What to look out for when buying a home

Everyone’s dream home is just the right size, in the perfect neighbourhood, with exactly the features and amenities they had in mind. In reality, every home, even a brand-new one, will have flaws. The question is, are they reasonable issues or signs of an impending disaster?

1. Put Safety First

Anything that could be a safety issue is worth looking into. Investigating a home’s electrical system, for example, is crucial. Insurance companies don’t like knob-and-tube wiring (found in homes dating back about 50 years), which they label a fire hazard. The system must often be upgraded within 30 days of closing in order to get insurance, and it’s a messy job that starts at about $5,000 per storey. Also problematic are homes from six or more decades ago that have only 60-amp electrical service, which isn’t enough to support today’s appliances. That means new masks, new wiring and a new electrical meter and panel.

2. Check The Water System

Water is another key component that merits a thorough check. After making sure the basic functions of their taps and toilet work, buyers should get documents from the seller that prove the water system is legal and has been inspected, and that all renovations have been done with a permit. Otherwise, their home insurance won’t cover anything that goes wrong with those renos.

3. Look Out For Mould

Watch for evidence of mould in a prospective purchase, especially if you live in British Columbia. The No. 1 issue in Okanagan real estate for the past 10 years has been grow ops – it can cost $30,000, $50,000 or more to rehabilitate a home, says one expert. Mould – which can also be caused by flooding and leaks – can affect air quality and cause respiratory problems. Even after a former grow op is brought back up to bylaw standards, homeowners need to make sure they have papers to prove it. Otherwise, when it comes time, reselling will be a major headache.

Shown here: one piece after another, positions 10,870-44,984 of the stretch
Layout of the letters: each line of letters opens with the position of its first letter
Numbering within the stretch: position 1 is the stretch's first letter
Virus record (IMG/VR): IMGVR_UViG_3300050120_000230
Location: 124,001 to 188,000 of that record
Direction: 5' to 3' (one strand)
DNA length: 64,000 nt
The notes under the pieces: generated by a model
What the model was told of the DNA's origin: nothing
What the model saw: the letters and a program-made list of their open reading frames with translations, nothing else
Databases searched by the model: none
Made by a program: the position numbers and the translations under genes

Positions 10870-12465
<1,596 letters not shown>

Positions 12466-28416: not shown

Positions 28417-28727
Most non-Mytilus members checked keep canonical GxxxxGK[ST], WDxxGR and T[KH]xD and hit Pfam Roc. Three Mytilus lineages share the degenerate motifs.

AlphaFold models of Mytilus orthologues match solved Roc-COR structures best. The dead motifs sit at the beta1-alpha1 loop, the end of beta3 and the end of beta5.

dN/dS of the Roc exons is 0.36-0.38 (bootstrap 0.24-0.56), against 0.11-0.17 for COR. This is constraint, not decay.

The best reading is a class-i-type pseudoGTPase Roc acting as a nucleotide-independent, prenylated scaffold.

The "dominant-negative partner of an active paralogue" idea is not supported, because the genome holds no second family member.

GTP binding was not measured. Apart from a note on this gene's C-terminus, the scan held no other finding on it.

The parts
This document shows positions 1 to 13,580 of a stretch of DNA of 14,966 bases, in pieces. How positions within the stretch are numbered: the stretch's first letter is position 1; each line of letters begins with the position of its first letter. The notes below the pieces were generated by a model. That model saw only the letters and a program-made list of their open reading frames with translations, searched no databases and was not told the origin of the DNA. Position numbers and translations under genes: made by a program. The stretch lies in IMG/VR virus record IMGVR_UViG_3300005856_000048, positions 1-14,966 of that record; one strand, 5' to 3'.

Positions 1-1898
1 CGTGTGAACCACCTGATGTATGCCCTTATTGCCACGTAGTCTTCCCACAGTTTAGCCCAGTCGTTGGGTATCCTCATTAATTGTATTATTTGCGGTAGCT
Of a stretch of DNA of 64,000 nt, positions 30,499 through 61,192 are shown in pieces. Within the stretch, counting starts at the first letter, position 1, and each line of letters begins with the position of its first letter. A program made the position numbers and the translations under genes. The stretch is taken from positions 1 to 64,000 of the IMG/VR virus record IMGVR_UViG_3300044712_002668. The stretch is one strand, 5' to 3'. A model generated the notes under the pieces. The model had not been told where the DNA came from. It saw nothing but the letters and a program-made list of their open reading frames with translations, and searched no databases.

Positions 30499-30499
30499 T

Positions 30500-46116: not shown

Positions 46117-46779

Mould and many other more serious problems, such as asbestos, aren’t technically covered by a home inspector’s mandate or insurance. An experienced inspector will share his suspicions, then pass clients on to an expert to confirm those suspicions and suggest options. A savvy real estate agent might be able to negotiate with the seller to have the cost of a mould inspection subtracted from the purchase price.

4. Ensure A Sturdy Foundation

Foundation settlement is also a danger. Caused by extreme moisture changes, weak soil or poor drainage, it results in wall cracks that threaten the house’s structural integrity. Homes can end up needing extensive foundation upgrades to repair. It can cost hundreds of thousands of dollars to fix, and soil settlement due to underground streams can make already pricey homes staggeringly expensive.

Source: Denise Balkissoon, Reader’s Digest

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